ST. PETERSBURG — Standing on the turf of Tropicana Field, marveling at the historic turnaround of the Tampa Bay Rays, principal owner Stu Sternberg acknowledged one major regret.
"Part of me wishes that I'd be playing this game on the waterfront tonight,'' Sternberg said moments before Wednesday's Game 1. "How unbelievable would downtown be? And how unbelievable would the city of St. Petersburg be … with all the parking, and all the walking, and all the stores, and all the restaurants, and the views, and the weather?"
Plans for a $450-million waterfront ballpark stalled in June, but Sternberg and baseball officials this week revived calls for a new stadium.
This time the talk is coming from a position of strength.
"This accomplishment by the Rays this year is going to be extremely significant as we move forward to try to determine where do we go from here," said Pinellas County Commissioner Bob Stewart, who is part of a community group formed by Mayor Rick Baker to help the Rays solve their stadium issue.
"We've come a long way."
Two sides to story
The Rays' improbable run to the World Series can be spun as Exhibit A in the case for or against a new stadium, observers admit.
To stadium supporters, team officials have delivered on every promise made to Tampa Bay area fans since taking over in 2005. Now all the Rays need, executives say, is a ballpark that can keep them competitive in the long-term.
But to stadium opponents, the playoff run into October also illustrates the successes of Tropicana Field, which has proven to be a significant advantage for the home team.
The stadium, cavernous and hollow when it is two-thirds empty, is raucous and lively when packed to the rafters.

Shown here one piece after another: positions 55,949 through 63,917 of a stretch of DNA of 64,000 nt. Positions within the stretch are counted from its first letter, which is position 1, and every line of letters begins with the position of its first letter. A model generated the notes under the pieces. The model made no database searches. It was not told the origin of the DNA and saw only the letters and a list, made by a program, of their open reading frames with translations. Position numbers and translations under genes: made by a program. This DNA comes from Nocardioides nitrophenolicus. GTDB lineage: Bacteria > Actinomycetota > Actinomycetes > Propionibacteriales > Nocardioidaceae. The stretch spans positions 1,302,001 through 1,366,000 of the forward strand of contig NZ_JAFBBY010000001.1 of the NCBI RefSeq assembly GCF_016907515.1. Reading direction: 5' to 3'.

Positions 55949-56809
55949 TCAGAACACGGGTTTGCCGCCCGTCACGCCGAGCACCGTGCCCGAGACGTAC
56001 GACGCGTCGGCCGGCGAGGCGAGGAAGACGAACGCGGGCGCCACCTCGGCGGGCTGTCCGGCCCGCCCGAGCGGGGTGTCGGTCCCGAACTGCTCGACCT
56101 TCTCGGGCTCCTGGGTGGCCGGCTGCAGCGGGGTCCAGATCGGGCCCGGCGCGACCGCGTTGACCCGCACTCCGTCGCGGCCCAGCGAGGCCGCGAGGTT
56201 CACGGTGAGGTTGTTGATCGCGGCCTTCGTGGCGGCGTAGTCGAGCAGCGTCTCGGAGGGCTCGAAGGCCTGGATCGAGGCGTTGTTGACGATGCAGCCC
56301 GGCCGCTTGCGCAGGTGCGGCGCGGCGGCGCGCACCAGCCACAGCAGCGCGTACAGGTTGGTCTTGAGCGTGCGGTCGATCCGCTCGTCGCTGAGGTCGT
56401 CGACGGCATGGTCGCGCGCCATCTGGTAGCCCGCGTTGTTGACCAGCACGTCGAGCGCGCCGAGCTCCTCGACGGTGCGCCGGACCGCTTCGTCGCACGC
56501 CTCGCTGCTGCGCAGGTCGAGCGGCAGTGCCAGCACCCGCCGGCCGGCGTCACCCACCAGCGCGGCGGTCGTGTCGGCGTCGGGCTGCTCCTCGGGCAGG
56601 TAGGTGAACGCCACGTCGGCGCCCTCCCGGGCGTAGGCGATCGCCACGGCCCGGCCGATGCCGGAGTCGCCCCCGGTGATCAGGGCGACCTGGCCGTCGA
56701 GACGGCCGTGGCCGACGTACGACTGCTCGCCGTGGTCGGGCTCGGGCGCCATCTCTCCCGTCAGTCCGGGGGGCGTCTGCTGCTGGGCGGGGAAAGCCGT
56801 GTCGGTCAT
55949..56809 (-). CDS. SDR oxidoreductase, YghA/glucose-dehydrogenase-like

Alan Bomstein, who also is a member of the stadium community group called A Baseball Community, predicted that the Rays will finish in the top half of baseball in attendance next year.
And then the question will become, "Why do we need a new stadium now?"
The Rays say they hope Bomstein is right. But team officials are not exuding confidence.
While the Rays say they expect to increase their season ticket and regular ticket sales in 2009, they are hesitant to make projections. And the team has refused to say how many new season ticket holders have signed up during the playoff run.
Their silence is telling.
The Rays reported 3,100 season ticket accounts in 2007, and estimates range from 6,000 to 8,000 current season ticket holders.
By comparison, the Cleveland Indians and San Diego Padres say they have 15,000 season ticket holders, and the Detroit Tigers say they sold more than 20,000 season tickets this year.
The Boston Red Sox have a waiting list for season tickets, and even the Pittsburgh Pirates reported 11,000 season ticket sales in 2006 – the last year they published their sales.
Rays team president Matt Silverman said this week that the Rays rank next-to-last in season ticket sales, behind only the Florida Marlins.
Season ticket sales help the Rays plan their business for the long-term, Silverman said. Guaranteed sales mean guaranteed revenues, and they eliminate the risk in investing in a free agent or increasing the team's payroll.
"We hope this run will help catapult our business to larger revenues and help make the stadium decision easier for all," Silverman said.
From their seats along first base, three-year season ticket holders Roz and Paul Fenton of Hudson like the Trop just fine.
They aren't keen on the idea of an outdoor ballpark, aren't thrilled with it being financed by tax dollars and say the drive time to St. Petersburg could be worse.
But they also know the Rays are serious when they say they need a new stadium, and a city like San Antonio, Texas, or Charlotte, N.C., may be motivated to lure the possible World Series champions out of Florida.
The couple are probably best described as huge supporters of the Rays, and by extension tenuous supporters of a new ballpark — if it's done right.
A World Series trophy will get things going in the right direction, both say.
"If they win the World Series, it gives them huge clout in the community," said Roz Fenton. "The community is going to see a winning team and everybody rallies around a winner."
For the Rays' part, Sternberg said he is purposely not focusing on details of a new ballpark, though his mind obviously wanders to life after the Trop. The team is leaving the serious discussions to the community.
"There's no negotiations going on," Sternberg said. "It's good for my head and it's good for the organization as we head into next year.
"In the long run, it's not good for the organization, but we've got some very capable people that will study this thing and find what works."